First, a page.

Cases where the trust was found to have the requisite "minimum connection" with the state to justify taxation include (1) where trust income was distributed to an in-state resident (Maguire v. Trefry, 253 U.S. 12, 16-17 (1920)); (2) where the trustee was a resident of the state (Greenough v. Tax Assessors of Newport, 331 U.S. 486, 498 (1947)); and (3) where the trust was administered in the state (Hanson v. Denckla, 357 U.S. 235, 251 (1958)). According to the Court, none of these traditional connections that are deemed sufficient for due-process purposes applied to the Kaestner trust: The trust made no distributions to any North Carolina resident during the relevant time frame, the trustee resided in Connecticut, and the trust was administered in both New York and Massachusetts (Kaestner, slip op. at 2, fn. 2, and 7).
The Court also looked at the relationship between the relevant trust constituent and the trust assets that the state sought to tax. Specifically, the Court focused on the "extent of the in-state beneficiary's right to control, possess, enjoy, or receive trust assets" (Kaestner, slip op. at 7). Here, the beneficiaries did not receive any income from the trust during the relevant period, and the Court noted that if they had, then that income would have been taxable (Kaestner, slip op. at 11). Furthermore, the beneficiaries had no right to demand trust income or otherwise control, possess, or enjoy the trust assets; this decision was in the trustee's "absolute discretion" (id.). Lastly, the beneficiaries had no definite right to receive any income in the future because the trust was set up such that the trustee could roll the trust assets into a new trust rather than terminating it and distributing the assets (Kaestner, slip op. at 12). Thus, the Court found that the beneficiaries' residence could not, in and of itself, serve as the sole basis for North Carolina's tax on the trust income (Kaestner, slip op. at 13).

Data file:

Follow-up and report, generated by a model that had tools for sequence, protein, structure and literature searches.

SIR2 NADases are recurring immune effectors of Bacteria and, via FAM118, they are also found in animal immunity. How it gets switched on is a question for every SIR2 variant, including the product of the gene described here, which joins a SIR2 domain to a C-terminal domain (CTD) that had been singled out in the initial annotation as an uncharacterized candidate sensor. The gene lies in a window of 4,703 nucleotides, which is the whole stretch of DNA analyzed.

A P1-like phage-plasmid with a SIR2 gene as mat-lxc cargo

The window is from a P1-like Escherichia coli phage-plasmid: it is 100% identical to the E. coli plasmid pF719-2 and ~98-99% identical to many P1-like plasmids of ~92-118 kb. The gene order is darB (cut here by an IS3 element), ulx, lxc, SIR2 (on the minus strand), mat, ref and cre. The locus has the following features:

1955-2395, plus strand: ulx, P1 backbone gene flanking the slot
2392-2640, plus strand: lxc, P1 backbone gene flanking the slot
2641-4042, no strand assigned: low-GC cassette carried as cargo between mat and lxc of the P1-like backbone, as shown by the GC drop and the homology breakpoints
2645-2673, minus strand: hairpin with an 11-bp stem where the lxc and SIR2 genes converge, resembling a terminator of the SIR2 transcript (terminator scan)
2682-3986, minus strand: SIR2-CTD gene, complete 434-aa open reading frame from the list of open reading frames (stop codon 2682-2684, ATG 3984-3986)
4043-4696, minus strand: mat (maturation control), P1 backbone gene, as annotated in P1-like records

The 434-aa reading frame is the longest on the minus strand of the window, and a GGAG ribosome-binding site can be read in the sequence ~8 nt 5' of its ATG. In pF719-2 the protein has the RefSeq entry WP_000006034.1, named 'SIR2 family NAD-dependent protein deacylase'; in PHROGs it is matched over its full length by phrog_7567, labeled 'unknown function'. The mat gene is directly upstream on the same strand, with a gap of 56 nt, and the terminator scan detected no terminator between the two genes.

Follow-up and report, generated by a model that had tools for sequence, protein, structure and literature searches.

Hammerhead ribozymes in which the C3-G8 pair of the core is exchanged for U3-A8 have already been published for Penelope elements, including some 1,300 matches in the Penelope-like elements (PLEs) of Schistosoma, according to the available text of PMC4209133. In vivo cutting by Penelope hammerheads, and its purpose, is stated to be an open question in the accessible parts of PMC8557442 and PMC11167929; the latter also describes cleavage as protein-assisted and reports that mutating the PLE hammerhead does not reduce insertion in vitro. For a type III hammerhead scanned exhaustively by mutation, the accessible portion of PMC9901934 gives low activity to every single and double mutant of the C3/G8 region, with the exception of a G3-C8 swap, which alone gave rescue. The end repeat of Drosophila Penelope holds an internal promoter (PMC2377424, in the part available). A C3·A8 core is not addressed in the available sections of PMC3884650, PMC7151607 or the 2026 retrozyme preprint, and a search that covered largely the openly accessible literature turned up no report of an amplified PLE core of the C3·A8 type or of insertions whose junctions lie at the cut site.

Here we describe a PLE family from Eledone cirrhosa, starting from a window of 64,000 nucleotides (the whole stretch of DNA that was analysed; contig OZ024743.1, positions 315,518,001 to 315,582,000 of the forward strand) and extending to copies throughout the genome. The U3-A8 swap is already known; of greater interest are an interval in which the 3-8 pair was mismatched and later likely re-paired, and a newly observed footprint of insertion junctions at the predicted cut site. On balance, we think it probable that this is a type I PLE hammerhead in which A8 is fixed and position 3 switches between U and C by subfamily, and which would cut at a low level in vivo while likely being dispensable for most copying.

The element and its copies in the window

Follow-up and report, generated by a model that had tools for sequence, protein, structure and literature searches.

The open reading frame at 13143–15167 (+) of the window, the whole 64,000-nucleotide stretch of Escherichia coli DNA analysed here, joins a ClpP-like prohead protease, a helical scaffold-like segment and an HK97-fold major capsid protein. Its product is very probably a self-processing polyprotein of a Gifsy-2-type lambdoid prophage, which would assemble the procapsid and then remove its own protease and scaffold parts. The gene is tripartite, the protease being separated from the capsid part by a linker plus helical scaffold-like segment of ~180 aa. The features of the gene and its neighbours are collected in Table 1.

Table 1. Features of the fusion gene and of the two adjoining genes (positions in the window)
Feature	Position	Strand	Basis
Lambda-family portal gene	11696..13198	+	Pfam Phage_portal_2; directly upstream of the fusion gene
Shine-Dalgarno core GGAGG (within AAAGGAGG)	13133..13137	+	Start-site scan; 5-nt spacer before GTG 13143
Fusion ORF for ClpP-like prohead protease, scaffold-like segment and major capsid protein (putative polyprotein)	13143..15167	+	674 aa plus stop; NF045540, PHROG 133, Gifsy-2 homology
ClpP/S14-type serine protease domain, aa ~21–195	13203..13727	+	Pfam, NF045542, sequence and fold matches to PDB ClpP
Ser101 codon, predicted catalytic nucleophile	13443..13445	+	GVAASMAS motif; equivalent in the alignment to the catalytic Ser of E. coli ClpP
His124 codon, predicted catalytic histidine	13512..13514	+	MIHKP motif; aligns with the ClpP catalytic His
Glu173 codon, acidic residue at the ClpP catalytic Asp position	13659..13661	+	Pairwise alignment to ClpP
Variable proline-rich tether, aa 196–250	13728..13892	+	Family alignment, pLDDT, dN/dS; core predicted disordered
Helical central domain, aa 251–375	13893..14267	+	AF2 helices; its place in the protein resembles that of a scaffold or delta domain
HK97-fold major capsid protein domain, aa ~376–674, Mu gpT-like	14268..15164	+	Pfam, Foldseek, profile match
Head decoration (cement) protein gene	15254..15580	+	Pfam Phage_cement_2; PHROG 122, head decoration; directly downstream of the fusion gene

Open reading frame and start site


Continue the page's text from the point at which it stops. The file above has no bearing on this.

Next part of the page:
In California's Paula Trust case, which is currently on appeal with the California Court of Appeal, the California Franchise Tax Board (FTB) argued that California has the right to tax a trust based on both the residency of the trust's constituents and the source of the income, and set forth a combined application of both trust law and individual income tax law. In this case, the Paula Trust had two trustees, one a resident of California and one a nonresident. It had one beneficiary, who was a resident. On its original 2007 tax return, the trust apportioned all its income to California, but in 2012 the trust filed an amended tax return that apportioned only half its income to California, on the ground that only one of its two trustees resided in California (Appeal of Paula Trust, No. 759422 (Cal. Bd. Equal. 8/18/16)).
The FTB argued that a two-step methodology set forth in state regulations (Cal. Code Regs., tit. 18, §17743) applied, where the FTB first applies the nonresident individual sourcing rules in Chapter 11 of the Revenue and Taxation Code (Cal. Rev. & Tax. Code §17951 et seq.) and then, with respect to non-California-source income, applies an apportionment rule based on the state of residence of fiduciaries and noncontingent beneficiaries under Chapter 9 (Cal. Rev. & Tax. Code §§17743 through 17744).
The trust contended that the FTB's methodology contained in the regulation is contrary to the statutes governing the taxation of trust income. The trust argued that the nonresident sourcing statutes in Chapter 11 do not apply to trusts because Section 17951 (which states that in the case of nonresident taxpayers, only California-source income is included in gross income) applies only to individuals, and that under the plain language of the statutes and their legislative history, the taxability of trust income in California can by definition be determined only by the trust apportionment rules in Chapter 9, wherein the portion of income taxable by California is based on the residence of the trust's noncontingent beneficiaries and fiduciaries.
Specifically, the trust argued that the applicable statute is Cal. Rev. & Tax. Code Section 17743 ("Where the taxability of income . . . depends on the residence of the fiduciary and there are two or more fiduciaries for the trust, the income . . . shall be apportioned according to the number of fiduciaries resident in this state."). The FTB argued that this statute simply determines residency status for trusts and how non-California-source income taxed under a residency theory is to be apportioned based on this status.